The world’s climate has continued to spin relentlessly out of control irrespective of the terrible impact of the COVID-19 pandemic over the last few months. In the US, the Southwest is locked in the grips of the first human-caused mega-drought, and in the UK, the first half of 2020 has already left reservoirs dry. This year could compete with the five previous – together the five hottest years for the planet on record.
Climate change and water scarcity is a global problem and more than ever we are aware of the need to reduce our impact on the environment. Water is becoming more scarce at the same time as the population and demand for water is increasing. As a result, the need to develop practical and innovative ways to reduce water and energy use and lower greenhouse gas emissions is crucial to safeguard the future of our planet.
Joining up water and energy
According to the Energy Saving Trust, personal washing i.e. showering and bathing, accounts for around 33% of the water used in the home, but it’s not just about the amount of water – it’s also about the amount of energy required to heat the water. Hot water demand is the second largest consumer of domestic energy after space heating. Energy for personal washing alone accounts for a staggering 26.6% of the total household energy and is likely to increase due to the push for energy-saving home improvements such as cavity wall and floor insulation.
Figure 1.0: Around 33% of total domestic water is used for personal washing costing UK households around £131 per year for average household.
Figure 2.0: Hot water is one of the biggest energy-consumers in a household. Personal washing i.e. showering and bathing accounts for almost 27% of the total energy costing around £334 per year.
Rising fuel costs
Affordability is a very real issue. Since water services were privatised in 1989 the average household water bill has risen 40% above inflation, peaking in 2014/15. Despite a slight reduction the average water and sewerage bill today is around £397 a year.
The cost of energy has tripled in the last 20 years outstripping all other services. In 2019 around 15 million households on standard variable tariffs have seen the cost of their electricity and gas soar by 11% and 9% respectively in only a short amount of time – driven by Ofgem’s energy price cap. Today, around 11 million homes are on default and those affected, and using a typical amount of energy, have seen their energy bills rise to around £1,254 a year.
To put this into context, the average UK household spends 5% (£1651) of its total income on water and energy bills. For those living in the poorest areas and communities this percentage is a lot higher and the harsh reality is that around 6.6 million (1 in every 4) households live in fuel poverty.
When it comes to personal hygiene showering is generally better for the environment than bathing, however, a shower’s carbon footprint is dependent on a number of circumstances such as duration, flow rate and how the water is heated. When comparing heating fuels in a standard dwelling, gas is the cleanest of the fossil fuels – for each unit of energy of heat, its CO2 emissions are over a third less than electricity from the grid. This is mainly because of the heat wasted at power stations during the process of generating electricity. However, as electricity is generated more and more from renewable sources like wind farms and hydroelectricity, this will become less of a problem.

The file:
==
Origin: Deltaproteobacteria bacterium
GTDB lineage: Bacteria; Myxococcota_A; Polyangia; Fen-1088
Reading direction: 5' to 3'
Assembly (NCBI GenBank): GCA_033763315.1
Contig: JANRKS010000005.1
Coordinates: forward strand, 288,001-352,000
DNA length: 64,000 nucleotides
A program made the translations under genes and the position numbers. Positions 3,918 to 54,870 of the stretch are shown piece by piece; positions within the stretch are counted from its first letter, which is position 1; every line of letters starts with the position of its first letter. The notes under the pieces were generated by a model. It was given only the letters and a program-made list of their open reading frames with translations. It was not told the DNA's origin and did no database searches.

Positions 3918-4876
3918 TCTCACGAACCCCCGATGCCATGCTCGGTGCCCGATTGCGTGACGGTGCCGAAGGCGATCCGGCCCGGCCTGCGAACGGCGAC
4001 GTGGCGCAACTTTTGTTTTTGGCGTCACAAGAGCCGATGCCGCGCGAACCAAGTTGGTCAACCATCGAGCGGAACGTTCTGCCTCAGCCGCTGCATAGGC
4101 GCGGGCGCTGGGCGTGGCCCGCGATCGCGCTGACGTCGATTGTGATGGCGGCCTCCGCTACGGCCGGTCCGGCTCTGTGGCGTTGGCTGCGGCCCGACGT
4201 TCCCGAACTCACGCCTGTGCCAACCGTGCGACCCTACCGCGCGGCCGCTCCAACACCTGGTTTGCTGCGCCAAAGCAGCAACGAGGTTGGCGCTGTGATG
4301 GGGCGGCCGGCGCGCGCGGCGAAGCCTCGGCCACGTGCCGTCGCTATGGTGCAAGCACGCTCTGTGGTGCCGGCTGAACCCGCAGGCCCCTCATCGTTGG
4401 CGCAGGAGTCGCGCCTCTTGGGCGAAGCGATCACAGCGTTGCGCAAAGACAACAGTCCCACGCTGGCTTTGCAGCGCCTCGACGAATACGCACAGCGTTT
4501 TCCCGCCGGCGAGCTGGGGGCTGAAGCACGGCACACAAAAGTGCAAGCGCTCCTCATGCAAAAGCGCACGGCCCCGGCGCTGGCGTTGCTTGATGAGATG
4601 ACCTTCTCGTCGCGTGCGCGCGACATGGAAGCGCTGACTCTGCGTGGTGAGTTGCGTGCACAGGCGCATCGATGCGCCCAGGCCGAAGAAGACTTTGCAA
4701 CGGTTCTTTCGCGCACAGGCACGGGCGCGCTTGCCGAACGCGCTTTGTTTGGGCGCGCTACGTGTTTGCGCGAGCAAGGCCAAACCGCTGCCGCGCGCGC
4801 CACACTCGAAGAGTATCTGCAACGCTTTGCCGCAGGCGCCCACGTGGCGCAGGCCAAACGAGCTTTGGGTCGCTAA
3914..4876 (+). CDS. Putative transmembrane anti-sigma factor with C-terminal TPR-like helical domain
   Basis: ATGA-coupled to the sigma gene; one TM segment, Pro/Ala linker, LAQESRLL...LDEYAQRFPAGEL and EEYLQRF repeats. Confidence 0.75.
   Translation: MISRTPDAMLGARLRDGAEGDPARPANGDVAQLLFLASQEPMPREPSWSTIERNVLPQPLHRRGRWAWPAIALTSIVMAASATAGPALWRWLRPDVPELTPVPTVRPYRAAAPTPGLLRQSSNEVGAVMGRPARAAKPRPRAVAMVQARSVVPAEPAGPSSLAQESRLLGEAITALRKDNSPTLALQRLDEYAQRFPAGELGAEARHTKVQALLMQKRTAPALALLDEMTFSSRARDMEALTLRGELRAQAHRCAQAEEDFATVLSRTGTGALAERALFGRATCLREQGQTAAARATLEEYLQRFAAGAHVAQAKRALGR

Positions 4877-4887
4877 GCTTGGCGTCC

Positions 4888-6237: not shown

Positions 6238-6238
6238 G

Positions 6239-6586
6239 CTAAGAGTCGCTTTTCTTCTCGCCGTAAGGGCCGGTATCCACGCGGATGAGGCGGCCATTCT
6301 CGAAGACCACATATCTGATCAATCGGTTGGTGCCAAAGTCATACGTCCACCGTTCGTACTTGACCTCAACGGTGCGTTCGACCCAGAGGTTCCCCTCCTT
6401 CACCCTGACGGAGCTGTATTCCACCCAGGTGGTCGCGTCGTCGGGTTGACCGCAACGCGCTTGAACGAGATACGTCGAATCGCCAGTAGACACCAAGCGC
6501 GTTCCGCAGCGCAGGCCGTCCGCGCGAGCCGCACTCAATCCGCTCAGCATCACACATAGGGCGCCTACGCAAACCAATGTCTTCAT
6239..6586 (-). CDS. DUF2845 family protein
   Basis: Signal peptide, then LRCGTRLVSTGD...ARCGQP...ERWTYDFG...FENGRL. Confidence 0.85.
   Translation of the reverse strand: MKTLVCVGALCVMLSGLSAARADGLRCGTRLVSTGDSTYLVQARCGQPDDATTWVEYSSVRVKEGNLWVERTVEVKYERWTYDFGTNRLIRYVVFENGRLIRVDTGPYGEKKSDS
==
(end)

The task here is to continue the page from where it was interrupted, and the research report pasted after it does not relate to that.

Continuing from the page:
Water companies use a lot of energy to treat water, pump it to and from the home and then treat it before returning it to our rivers. Showers which use less water reduce this impact. Electric showers for example work by only heating the amount of water that is required per shower; the cold water from the mains is pumped through the shower unit where an electric element heats the water very quickly, so there is little wasted hot water compared to heating a large hot water cylinder. The downside is that electric showers have low flow rates (maximum around 5 l/min) compared to 10 l/min for a mixer shower and tend to provide a lackluster experience – particularly in winter when the shower does not get as warm as it does during the rest of the year and flow rate is reduced, meaning any savings in carbon emissions due to lower flow rates may be lost by users having to take longer showers.
By installing water and energy saving products such as Kelda Technology’s water-efficient showers it is possible to significantly reduce carbon emissions and save money on bills – with the benefit of having a better showering experience.
• Better shower experience – for same flow rates
• Cheaper to run – save £100s off water and energy bills
• Help fight climate change – less CO2 emissions
• Easy maintenance – larger jet-type nozzles are less resistant to limescale blocking
• Sleek shower panel design – 6mm toughened glass
• Two shower heads for improved washing and rinsing – flexible shower head with separate handset/hose
• Reduced risk of scolding – TMV2 thermostatic control
• Complies with water regulations to ensure the highest water standards and quality
• Exceeds Building Regulations: Part G
• Reduced water demand allows a smaller hot water cylinder to be fitted
• Faster payback than other energy-saving products
• Proven technology
¹ Review of domestic water use in Great Britain: At home with water, Energy Saving Trust, July 2013.
“Water is becoming more scarce at the same time as the population and demand for water is increasing. As a result, the need to develop practical and innovative ways to reduce water and energy use and lower greenhouse gas emissions is crucial to safeguard the future of our planet.”
The Kelda Experience
Low water, energy, CO2
Lower running costs